How To Avoid The “Affair Disease”

Continuing the trend of politicians caught with their pants down – literally and figuratively – is South Carolina Governor Mark Sanford. Closely on the heels of Sanford’s news came the revelation that Senator John Ensign was also admitting infidelity. Politician cheating is nothing new, and I’ve mentioned in earlier posts that politicians have higher instances of affairs because they’re under intense stress on a daily basis. Psychologically, they’re more prone toward a self-medicated high to temporarily cancel out the stressful emotions they feel, as I explain in “Adultery: The Forgivable Sin.”

Forgiving Adultery?

Of course, I’m not suggesting that this can excuse his actions – rather it’s a reason why news of politicians engaging in affairs is, sadly, relatively common. This type of behavior is becoming an epidemic and is a disease similar to alcoholism – and it’s time to stop it. We need to stop glamorizing it, or – alternatively – bastardizing it, accept that it happens and move on. I believe that we CAN cure and forgive adultery (an idea I go into in-depth in my book by the same name.) Politicians have high burn out rate and they’re looking to alleviate the pressure and stress – what I call the biochemical craving for connection.

This can easily become a self-enforcing cycle: politicians and others of us under a lot of tress (and let’s face it, nowadays who ISN’T under a lot of stress!?) are looking for a release from this constant pressure. An illicit affair provides the biochemical connection we’re craving, along with that high and thrill of a new romance. But keeping up the charade only causes more pressure. And so the cycle perpetuates itself.

What can we learn from Sanford (and others like him)?

Understanding Infidelity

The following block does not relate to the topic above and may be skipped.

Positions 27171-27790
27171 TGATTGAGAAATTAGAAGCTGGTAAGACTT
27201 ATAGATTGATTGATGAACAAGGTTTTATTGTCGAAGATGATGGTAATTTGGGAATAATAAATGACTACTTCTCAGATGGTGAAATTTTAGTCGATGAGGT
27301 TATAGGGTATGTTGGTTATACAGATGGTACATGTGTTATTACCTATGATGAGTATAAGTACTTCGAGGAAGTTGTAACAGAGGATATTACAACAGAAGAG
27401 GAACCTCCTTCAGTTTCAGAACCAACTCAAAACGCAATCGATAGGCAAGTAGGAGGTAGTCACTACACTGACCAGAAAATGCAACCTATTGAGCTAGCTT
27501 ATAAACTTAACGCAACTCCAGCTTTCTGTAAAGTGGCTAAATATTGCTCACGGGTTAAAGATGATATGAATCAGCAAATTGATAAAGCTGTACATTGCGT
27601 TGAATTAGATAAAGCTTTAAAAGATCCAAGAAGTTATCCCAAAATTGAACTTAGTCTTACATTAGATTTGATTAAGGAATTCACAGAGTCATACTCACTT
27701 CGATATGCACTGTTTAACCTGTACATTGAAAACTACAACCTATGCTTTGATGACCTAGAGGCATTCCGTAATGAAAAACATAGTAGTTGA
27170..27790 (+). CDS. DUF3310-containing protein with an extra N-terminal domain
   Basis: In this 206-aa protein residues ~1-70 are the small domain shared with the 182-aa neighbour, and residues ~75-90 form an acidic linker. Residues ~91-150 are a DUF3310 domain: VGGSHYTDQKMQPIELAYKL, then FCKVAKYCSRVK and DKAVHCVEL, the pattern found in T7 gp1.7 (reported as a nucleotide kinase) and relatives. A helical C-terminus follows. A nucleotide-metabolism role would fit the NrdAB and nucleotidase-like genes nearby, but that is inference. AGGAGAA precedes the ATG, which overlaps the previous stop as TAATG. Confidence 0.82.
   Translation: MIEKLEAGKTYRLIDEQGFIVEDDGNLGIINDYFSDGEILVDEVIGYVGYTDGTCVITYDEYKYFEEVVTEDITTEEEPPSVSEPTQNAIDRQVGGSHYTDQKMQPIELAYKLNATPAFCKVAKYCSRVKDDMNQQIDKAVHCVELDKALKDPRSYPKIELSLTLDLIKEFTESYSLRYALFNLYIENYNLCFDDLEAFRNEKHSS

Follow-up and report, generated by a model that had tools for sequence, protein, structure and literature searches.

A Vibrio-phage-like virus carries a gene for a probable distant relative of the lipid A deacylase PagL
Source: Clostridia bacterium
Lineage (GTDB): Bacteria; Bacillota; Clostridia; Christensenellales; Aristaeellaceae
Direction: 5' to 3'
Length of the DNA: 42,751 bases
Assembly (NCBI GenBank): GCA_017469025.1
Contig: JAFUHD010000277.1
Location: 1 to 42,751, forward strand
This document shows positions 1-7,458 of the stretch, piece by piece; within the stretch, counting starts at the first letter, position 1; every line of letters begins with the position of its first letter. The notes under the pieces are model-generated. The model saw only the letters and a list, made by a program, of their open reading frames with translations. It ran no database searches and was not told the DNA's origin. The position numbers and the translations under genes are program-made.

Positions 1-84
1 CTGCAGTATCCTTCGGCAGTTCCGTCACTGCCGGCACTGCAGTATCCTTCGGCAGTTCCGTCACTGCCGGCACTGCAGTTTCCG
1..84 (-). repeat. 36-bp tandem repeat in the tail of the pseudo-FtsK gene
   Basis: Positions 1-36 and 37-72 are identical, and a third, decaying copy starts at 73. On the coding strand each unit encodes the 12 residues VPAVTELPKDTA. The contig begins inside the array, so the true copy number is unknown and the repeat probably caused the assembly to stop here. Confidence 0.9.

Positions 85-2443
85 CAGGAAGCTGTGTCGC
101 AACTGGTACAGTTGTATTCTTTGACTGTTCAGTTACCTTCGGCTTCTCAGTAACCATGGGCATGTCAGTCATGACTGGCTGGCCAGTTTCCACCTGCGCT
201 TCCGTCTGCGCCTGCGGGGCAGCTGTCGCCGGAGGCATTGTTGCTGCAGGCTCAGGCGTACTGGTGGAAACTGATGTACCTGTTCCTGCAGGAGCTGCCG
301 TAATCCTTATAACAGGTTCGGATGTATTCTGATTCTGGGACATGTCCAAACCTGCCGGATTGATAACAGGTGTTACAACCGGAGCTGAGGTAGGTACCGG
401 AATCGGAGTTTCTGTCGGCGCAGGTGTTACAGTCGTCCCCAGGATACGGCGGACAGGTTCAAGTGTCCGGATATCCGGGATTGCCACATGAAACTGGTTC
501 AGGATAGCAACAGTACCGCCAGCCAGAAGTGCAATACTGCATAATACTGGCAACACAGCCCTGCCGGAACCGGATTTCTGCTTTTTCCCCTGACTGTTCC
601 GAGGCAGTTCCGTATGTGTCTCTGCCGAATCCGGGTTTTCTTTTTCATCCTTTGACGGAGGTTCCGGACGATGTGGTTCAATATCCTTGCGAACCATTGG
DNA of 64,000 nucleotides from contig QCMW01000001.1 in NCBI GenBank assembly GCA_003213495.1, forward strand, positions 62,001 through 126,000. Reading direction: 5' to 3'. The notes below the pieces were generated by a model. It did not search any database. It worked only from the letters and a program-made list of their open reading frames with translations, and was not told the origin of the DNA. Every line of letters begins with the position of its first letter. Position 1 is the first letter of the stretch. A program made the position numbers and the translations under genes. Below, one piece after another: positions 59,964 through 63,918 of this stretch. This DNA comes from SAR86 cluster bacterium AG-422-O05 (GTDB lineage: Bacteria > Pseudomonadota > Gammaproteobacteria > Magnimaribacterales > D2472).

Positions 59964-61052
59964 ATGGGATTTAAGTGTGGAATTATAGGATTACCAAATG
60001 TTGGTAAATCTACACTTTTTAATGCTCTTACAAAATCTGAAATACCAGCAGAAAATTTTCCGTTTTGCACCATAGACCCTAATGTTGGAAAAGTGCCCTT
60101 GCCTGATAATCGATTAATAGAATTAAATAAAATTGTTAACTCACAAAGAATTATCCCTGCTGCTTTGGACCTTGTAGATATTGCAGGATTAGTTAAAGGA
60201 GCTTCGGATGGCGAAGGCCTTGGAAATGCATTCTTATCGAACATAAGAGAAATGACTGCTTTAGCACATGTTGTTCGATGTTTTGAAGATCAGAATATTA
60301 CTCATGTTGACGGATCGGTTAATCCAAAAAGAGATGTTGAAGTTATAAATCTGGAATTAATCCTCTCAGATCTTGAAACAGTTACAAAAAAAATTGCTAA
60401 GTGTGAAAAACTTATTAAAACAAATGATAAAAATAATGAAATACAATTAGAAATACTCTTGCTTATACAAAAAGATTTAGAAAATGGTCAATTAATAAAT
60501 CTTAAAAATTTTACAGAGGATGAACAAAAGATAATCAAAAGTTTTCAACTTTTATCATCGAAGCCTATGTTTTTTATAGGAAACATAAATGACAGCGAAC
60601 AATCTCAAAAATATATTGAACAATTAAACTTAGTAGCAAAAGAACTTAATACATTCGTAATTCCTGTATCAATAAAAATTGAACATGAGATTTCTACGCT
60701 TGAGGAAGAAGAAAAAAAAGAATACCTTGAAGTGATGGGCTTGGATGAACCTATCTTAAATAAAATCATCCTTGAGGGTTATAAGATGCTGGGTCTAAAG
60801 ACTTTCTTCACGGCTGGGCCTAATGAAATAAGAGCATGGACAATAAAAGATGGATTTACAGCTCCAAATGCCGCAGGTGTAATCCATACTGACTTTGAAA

1). The behaviors that stimulate these feelings can easily become addictive.

For instance, for any addict, the choice to self-medicate in any number of ways—with alchohol, medications, sex, or money—can begin with a desire to relieve stress or mute depression. The addiction then progresses to a
preoccupation with where their next “fix” will come from, and often involves a strong desire to create rituals
around obtaining the “high.” This preoccupation becomes a compulsion—to use drugs or alcohol, or to have
sex, or to shop—followed by depression and despair as the effects wear off, leading to the start of the cycle
all over again.

2). It’s a way of over-riding true emotions by opting for a “high” instead.

Sanford’s wife stated that she was aware of the infidelity and the couple was undergoing a trial separation as a way to SAVE their marriage (I call this the “brush with death” and it can be quite effective if both people are on the same page, although in this situation that doesn’t appear to be the case.)

3). Learn what your subconscious is telling you before it’s too late.

It’s likely that Sanford subconsciously couldn’t handle the idea of losing his wife and so he sought a way to cancel out that fear by deciding to have an affair. It’s a way of acting out – not talking out – extreme feelings in a person’s life. Don’t make the mistake of acting and not talking – it’s impossible to take back such a decision.


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